Listen to the way Church emphasizes the words “feel” and “hear.” His band splits well-crafted tension in half, turning subtle suspense into another monster entirely. The song represents either a full-tilt breakdown or absolute triumph. It depends on the day.
Church plays “Creepin'”, the fourth single from Chief, live at the Opry.
The aforementioned hit, “Drink in my Hand” comes next, followed by the cocky bullrider in “Keep On.” We’ve all seen this guy plotting at the end of the bar. Sometimes he’s with your crew. Sometimes he’s not.
Yeah I can tell by the way I took your hand
And then asked you to dance
He went all John Wayne in front of his friends
And said, “I don’t think so, man”
Yeah all bowed up like a loud mouth pup
Never been in a junkyard fight
But if you’re gonna bark at the big dog, boy
Then you’re gonna get to feel the bite
Like “Keep On,” the album is full of men who are probably old enough to know better but may be too old to change. “Homeboy,” about a poser you might have shared a room with growing up, is a stunner. Brotherly love can be complicated, and life has a way of muddying once-clear waters.
You were too bad for a little square town
with your hip-hop hat and your pants on the ground
Heard you cussed out mamma, pushed daddy around
You tore off in his car
Here you are runnin’ these dirty old streets
Tattoo on your neck, fake gold on your teeth
Got the hood here snow, but you can’t fool me, we both know who you are
Don’t be tempted to think Church is taking swings at hip hop culture. To accuse Church of racist leanings – it’s hard to even type that – is to accuse Martin Scorsese of being anti-Semitic. These are characters, put forth by artists interested in the examination of various aspects of the American identity. Church’s characters may be measuring the passage of time by the fade in their tattoos, but they’re measuring it just the same.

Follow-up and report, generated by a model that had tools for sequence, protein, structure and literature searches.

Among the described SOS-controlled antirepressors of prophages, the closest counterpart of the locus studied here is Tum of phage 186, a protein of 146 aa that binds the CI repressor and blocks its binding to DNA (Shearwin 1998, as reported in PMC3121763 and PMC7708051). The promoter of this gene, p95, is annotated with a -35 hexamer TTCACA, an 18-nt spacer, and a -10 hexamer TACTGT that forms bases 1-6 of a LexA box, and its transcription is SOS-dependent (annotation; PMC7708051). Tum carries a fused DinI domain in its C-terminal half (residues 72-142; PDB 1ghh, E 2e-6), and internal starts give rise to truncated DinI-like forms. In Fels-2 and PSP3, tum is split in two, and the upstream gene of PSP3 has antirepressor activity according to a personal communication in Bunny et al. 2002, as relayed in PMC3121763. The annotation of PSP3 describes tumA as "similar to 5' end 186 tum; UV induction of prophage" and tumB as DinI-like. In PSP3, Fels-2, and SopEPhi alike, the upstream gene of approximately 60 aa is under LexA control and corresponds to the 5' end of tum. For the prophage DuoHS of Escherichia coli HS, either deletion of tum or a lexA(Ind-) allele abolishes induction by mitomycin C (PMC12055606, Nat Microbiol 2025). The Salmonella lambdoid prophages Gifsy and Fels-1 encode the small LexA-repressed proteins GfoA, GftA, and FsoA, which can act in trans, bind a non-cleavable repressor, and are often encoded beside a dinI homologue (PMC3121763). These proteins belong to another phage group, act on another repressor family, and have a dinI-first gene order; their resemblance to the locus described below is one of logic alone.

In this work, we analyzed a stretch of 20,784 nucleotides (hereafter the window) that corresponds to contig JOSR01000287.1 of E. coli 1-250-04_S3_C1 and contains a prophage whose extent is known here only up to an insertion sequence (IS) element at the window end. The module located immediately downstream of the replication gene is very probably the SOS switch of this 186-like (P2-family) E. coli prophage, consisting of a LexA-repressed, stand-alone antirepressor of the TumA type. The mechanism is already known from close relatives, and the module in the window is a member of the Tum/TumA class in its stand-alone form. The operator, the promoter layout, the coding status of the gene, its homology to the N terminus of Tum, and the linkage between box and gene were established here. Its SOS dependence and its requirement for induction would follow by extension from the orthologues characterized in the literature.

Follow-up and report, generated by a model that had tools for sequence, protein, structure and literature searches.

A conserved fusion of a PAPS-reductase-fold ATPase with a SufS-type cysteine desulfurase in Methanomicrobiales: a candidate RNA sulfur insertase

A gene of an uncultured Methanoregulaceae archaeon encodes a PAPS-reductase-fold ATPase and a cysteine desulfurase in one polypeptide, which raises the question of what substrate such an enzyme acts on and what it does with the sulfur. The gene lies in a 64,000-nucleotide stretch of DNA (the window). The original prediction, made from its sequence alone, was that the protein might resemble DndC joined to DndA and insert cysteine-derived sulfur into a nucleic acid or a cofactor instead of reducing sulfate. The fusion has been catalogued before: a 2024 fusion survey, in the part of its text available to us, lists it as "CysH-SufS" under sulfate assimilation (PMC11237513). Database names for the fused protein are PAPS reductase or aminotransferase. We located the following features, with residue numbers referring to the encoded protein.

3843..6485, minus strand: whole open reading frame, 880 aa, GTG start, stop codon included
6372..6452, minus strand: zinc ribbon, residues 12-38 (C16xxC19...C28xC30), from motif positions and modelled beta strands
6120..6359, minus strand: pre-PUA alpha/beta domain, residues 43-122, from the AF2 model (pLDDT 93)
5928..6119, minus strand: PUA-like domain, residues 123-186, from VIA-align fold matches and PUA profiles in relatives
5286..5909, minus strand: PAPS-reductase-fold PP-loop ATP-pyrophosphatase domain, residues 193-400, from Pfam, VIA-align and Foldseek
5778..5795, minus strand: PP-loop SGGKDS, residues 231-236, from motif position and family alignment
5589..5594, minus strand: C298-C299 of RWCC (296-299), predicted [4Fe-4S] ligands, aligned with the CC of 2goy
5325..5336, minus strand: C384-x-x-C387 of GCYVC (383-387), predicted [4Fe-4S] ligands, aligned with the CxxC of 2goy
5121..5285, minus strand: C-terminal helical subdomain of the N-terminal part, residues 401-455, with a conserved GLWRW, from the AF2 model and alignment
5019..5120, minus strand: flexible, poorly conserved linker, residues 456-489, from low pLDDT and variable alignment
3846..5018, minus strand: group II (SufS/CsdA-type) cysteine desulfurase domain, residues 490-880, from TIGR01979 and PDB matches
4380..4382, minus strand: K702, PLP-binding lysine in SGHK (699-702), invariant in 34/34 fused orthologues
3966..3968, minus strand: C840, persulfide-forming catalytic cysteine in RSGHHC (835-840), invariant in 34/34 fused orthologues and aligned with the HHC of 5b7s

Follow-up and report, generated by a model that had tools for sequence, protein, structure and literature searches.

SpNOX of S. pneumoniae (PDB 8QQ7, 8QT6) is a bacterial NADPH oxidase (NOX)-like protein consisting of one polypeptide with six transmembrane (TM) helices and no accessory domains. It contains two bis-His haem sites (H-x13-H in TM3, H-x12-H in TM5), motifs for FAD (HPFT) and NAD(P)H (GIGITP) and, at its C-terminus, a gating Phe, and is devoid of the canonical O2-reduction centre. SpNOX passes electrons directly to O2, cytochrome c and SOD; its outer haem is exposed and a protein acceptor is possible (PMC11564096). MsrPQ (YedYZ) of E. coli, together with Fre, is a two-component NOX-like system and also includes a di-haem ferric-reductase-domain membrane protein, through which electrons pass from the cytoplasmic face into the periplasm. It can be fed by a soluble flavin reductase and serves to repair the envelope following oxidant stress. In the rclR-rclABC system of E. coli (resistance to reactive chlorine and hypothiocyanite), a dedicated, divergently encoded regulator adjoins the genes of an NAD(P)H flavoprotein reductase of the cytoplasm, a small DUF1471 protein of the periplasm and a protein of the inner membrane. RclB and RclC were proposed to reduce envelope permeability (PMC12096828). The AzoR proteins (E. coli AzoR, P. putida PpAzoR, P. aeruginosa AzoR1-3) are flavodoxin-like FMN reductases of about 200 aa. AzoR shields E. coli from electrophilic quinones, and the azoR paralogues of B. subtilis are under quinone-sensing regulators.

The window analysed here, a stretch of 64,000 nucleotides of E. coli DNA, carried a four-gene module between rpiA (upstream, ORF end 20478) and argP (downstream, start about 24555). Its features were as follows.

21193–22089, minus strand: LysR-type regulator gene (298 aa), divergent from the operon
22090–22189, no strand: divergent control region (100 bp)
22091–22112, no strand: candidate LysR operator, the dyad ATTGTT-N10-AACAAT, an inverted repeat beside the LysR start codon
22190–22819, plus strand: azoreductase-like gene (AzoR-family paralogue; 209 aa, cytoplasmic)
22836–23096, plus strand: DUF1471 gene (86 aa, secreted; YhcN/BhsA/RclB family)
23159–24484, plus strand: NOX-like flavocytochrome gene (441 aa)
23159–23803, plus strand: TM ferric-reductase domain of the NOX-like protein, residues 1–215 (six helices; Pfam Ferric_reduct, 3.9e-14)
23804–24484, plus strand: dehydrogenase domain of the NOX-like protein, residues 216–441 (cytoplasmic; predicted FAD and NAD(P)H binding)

Homeboy, you’re gonna wish one day you were sittin’ on the gate of a truck by the lake
With your high school flame on one side, ice cold beer on the other
Ain’t no shame in a blue collar forty, little house little kids little small town story
If you don’t ever do anything else for me, just do this for me brother
Come on home, boy
The comma placement at the end of the chorus is crucial, of course.
Rare is a true artist’s album in that the standout tracks are also some of its biggest singles. “Springsteen” isn’t so much about the musician, but rather the hyper-sensitive relationship between songs and reminiscences. Still, Church was 34 at the time of Chief’s release, making him the perfect age for the Bruceapalooza in the mid-80s.
Again, listen to the way the song expands. The song rides along on a trucker’s groove, but more is less when vibraphone notes dot Church’s memories after each chorus. As Springsteen-esque as the “Ohs” are that follow, Church takes ownership of them. Before we know it, we’re all looking back.